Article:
Commodities are the essential ingredients of our day-to-day life. On being always in demand they hold strong investment opportunity. It is the oldest form of saving/investment. From centuries people have been investing in Gold and Silver with different objectives which include security reason, their ability to retain long term purchasing power and an insurance of unforeseen events.
Gold and other metals can be accessed in number of ways including traditional physical holdings, futures contracts, D-mat forms, ETFs and through correlated markets such as mining stocks. Each mode of holdings has its own advantages and disadvantages but with so many options available, investors of all types should be able to find a product to match their temperament.
Trading in commodities futures has a long history. However, organized trading on an exchange started in 1848 with the establishment of the Chicago Board of Trade (CBOT).
The first milestone in the 150 years rich history of organized trading in commodities in India was the constitution of the Bombay Cotton Trade Association in the year 1875. India had a vibrant futures market in commodities till it was discontinued in the mid 1960's, due to war, natural calamities and the consequent shortages.
Following the introduction of liberalization policy in 1991, the Government of India appointed an expert committee on forward market under the chairmanship of Prof. K. N. Kabra in 1993. The committee submitted its report in 1994 advocating the re-introduction of futures and expanding its coverage to agricultural commodities. It also proposed an expansion for the coverage of futures markets to minimize the wide fluctuations in commodity prices and for hedging the risk arising from extreme price volatilities.
Commodities futures contracts and the exchanges they trade in are governed by the Forward Contracts (Regulation) Act, 1952. The regulator is the Forward Markets Commission (FMC), a division of the Ministry of Consumer Affairs, Food and Public Distribution.
In 2002, the Government of India allowed the re-introduction of commodity futures in India. .
- 1. National Commodity & Derivative Exchange
- 2. Multi Commodity Exchange
- 3. National Multi Commodity Exchange of India
In terms of market share, MCX is today the largest commodity futures exchange in India, with a market share of close to 70%. NCDEX follows with a market share of around 25%, leaving the balance 5% for NMCE.
Exchange traded commodities are;
|METAL||Aluminium, Copper, Lead, Nickel, Sponge Iron, Steel Long (Bhavnagar), Steel Long (Govindgarh), Steel Flat, Tin, Zinc|
|BULLION||Gold, Gold HNI, Gold M, i-gold, Silver, Silver HNI, Silver M|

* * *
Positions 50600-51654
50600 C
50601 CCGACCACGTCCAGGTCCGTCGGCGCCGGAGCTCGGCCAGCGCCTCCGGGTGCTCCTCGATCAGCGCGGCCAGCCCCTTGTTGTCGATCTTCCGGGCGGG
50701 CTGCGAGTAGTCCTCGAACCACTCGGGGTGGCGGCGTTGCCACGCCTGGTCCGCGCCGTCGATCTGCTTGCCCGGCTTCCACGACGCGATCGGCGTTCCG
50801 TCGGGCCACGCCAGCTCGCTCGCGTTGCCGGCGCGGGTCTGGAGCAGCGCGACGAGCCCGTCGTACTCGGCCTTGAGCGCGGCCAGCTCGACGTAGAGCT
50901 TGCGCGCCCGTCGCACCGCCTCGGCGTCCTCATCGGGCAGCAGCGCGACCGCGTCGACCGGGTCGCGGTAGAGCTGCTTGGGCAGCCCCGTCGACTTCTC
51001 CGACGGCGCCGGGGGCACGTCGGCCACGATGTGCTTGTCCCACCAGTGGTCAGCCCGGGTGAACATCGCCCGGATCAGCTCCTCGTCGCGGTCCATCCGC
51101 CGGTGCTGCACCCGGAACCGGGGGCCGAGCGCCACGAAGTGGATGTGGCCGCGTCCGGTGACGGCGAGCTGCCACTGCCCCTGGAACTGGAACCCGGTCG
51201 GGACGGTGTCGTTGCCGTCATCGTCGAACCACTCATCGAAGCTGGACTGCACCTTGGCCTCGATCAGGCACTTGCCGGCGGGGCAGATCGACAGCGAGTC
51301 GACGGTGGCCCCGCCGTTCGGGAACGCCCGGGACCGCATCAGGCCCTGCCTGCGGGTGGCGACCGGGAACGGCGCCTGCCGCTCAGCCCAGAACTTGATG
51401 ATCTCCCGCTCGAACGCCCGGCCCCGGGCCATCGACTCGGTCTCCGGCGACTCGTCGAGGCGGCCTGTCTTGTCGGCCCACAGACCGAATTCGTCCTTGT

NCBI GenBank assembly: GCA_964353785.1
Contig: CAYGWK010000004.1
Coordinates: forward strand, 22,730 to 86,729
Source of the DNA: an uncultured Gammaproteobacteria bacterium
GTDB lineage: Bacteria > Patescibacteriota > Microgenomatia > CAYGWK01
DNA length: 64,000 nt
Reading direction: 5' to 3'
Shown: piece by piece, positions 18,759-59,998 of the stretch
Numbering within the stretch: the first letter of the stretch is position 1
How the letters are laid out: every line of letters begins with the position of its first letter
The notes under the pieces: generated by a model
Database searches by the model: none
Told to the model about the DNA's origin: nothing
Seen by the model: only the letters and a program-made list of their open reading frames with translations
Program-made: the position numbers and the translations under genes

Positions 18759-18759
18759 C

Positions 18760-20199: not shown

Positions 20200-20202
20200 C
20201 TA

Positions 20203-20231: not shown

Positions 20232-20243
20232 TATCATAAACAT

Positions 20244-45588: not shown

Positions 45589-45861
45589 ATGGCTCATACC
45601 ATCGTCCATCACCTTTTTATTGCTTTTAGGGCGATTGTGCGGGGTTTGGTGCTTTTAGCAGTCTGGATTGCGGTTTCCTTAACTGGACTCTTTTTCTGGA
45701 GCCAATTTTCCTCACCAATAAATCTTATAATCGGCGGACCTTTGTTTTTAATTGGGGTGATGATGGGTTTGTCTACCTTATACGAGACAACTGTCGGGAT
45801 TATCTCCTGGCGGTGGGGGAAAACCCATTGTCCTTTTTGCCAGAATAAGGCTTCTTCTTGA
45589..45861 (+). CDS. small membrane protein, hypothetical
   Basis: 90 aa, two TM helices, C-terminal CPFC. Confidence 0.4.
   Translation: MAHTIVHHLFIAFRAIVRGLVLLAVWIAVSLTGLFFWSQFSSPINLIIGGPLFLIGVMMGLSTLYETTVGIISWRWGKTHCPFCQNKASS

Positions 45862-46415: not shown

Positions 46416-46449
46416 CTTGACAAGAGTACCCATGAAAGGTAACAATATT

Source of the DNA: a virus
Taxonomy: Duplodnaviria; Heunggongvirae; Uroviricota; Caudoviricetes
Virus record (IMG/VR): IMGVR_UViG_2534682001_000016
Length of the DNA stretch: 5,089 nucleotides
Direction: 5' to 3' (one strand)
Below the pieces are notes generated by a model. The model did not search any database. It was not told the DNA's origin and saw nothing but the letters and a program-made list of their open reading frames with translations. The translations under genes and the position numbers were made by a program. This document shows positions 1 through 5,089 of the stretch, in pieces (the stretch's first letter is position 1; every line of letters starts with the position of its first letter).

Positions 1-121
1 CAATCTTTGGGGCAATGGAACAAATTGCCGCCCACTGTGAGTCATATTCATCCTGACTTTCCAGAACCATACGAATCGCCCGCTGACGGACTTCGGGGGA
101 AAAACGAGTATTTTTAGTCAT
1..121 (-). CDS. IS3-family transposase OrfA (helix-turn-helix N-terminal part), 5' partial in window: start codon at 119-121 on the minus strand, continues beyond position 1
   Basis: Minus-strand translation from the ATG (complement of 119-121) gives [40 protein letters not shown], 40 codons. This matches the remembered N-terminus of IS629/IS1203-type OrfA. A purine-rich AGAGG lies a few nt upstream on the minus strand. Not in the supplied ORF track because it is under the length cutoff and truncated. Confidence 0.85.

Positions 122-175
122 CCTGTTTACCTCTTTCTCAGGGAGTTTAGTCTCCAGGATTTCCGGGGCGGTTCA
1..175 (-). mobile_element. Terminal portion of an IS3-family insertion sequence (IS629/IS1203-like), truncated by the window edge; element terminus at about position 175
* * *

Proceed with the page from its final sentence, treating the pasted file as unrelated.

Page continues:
|FIBER||Cotton L Staple, Cotton M Staple, Cotton S Staple, Cotton Yarn, Kapas|
|ENERGY||Brent Crude Oil, Crude Oil, Furnace Oil, Natural Gas, M. E. Sour Crude Oil|
|SPICES||Cardamom, Jeera, Pepper, Red Chilli, Turmeric|
|PLANTATIONS||Arecanut, Cashew Kernel, Coffee (Robusta), Rubber|
|PULSES||Chana, Masur, Yellow Peas|
|PETROCHEMICALS||HDPE, Polypropylene(PP), PVC|
|OIL & OIL SEEDS||Castor Oil, Castor Seeds, Coconut Cake, Coconut Oil, Cotton Seed, Crude Palm Oil, Groundnut Oil, Kapasia Khalli, Mustard Oil, Mustard Seed (Jaipur), Mustard Seed (Sirsa), RBD Palmolein, Refined Soy Oil, Refined Sunflower Oil, Rice Bran DOC, Rice Bran Refined Oil, Sesame Seed, Soymeal, Soy Bean, Soy Seeds|
Guargum, Guar Seed, Gurchaku, Mentha Oil, Potato (Agra), Potato (Tarkeshwar), Sugar M-30, Sugar S-30
Benefits of commodity futures market;
1. Price Discovery:
Based on inputs regarding specific market information, buyers and sellers conduct trading at futures exchanges. This results into continuous price discovery mechanism.
It is strategy of managing price risk that is inherent in spot market by taking an equal but opposite position in the futures market to protect their business from adverse price change.
3. Import- Export competitiveness:
The exporters can hedge their price risk and improve their competitiveness by making use of futures market. A majority of traders which are involved in physical trade internationally intend to buy forwards. The existence of futures market allows the exporters to hedge their proposed purchase by temporarily substituting for actual purchase till the time is ripe to buy in physical market.
4. Portfolio Diversification
Commodity offers at another investment options which is largely negatively correlated with equity and currency and thus could offer great portfolio diversification.
India is one of the top producers of a large number of commodities, and also has a long history of trading in commodities and related derivatives. Despite this fact, commodity futures markets are largely underdeveloped. The reason has something to do with the extensive government intervention in the agriculture sector. Fact is that the production and distribution of several agricultural commodities is still governed by the state and futures trading have only been selectively introduced with stringent regulatory controls.
If futures market has to flourish then market forces will have to be allowed to play their role rather than trying to controlling the prices.